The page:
I don’t’ see us as having a defined catalogue of resources. I think every piece is created from external factors and the different contributions from the agents taking part.
Let’s call it a tool. You have to invent models of tools that enable the active, critical participation of each member of the collective in each project.
The only constant resource is trying to get to know and communicate ideas related to contemporary reality and that’s what we try to project.
5. What relationship does your work have with reality? What are your raw materials?
Our work is closely linked to reality. Based on the personal conviction that there are multiple realities, the idea is to be able to understand each of these multiple possibilities as best as possible. We start out by working to understand the real needs of the commission and bearing in mind that the solution to any request must always have an added value.
We spend 100% of our time building realities that are also connected to people and contexts outside the collective.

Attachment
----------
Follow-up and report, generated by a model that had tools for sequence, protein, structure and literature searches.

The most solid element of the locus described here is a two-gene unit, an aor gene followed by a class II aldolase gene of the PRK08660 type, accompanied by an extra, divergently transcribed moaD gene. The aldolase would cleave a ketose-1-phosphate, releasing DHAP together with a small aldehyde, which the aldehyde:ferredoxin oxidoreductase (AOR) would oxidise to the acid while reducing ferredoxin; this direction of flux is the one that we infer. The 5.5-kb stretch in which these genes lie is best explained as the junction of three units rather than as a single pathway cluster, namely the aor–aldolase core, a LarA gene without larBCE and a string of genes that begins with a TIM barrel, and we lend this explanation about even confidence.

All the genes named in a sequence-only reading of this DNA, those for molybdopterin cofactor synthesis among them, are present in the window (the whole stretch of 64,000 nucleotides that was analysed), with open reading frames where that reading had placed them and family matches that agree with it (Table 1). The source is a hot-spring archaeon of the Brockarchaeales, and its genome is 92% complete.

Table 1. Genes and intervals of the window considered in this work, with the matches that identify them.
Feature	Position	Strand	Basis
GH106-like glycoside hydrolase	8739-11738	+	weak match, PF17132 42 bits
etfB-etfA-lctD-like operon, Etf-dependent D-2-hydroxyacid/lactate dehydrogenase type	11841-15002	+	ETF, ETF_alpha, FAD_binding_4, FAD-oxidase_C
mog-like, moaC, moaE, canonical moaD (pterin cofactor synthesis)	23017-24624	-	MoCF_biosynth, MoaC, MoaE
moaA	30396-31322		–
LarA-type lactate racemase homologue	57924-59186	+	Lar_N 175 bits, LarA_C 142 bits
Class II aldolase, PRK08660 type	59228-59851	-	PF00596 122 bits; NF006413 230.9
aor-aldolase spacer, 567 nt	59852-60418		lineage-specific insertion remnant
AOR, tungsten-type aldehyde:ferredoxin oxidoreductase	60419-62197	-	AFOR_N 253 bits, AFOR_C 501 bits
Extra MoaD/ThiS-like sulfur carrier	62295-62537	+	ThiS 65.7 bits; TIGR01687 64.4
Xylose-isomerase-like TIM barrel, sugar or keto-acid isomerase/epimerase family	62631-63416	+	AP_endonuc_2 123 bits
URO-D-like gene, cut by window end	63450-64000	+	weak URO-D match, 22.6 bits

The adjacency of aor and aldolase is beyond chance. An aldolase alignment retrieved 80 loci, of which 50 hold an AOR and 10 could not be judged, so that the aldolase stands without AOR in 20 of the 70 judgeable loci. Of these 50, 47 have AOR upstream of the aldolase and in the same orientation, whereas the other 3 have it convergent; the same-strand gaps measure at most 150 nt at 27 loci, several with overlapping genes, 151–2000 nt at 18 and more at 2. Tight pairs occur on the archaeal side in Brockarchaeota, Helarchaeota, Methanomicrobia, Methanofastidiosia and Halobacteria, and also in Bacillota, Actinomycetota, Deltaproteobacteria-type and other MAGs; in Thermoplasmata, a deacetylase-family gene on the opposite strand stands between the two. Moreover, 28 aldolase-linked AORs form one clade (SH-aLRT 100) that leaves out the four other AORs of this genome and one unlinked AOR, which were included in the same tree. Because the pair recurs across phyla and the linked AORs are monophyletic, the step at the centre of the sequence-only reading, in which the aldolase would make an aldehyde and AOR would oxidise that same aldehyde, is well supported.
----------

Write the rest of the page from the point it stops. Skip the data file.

Our work material is exactly that, reality (and its multiple definitions).
6. What, according to you, is the point of art?
I believe in art that creates interaction; any other kind simply looks like another form of exhibitionism to me.
For me it’s a kind of leisure. We talk about the rest in person.
The point for the person doing it or the person using it? For exorcising, understanding, participating, destroying mental entropy, communicating, activating things and saying what’s “on the tip of your tongue”, although you didn’t realise before acting.
7. How do you hope the public will receive your work? What audience are you aiming at?
Any reaction except boredom.
At all audiences. Each project is specific and involves the whole collective.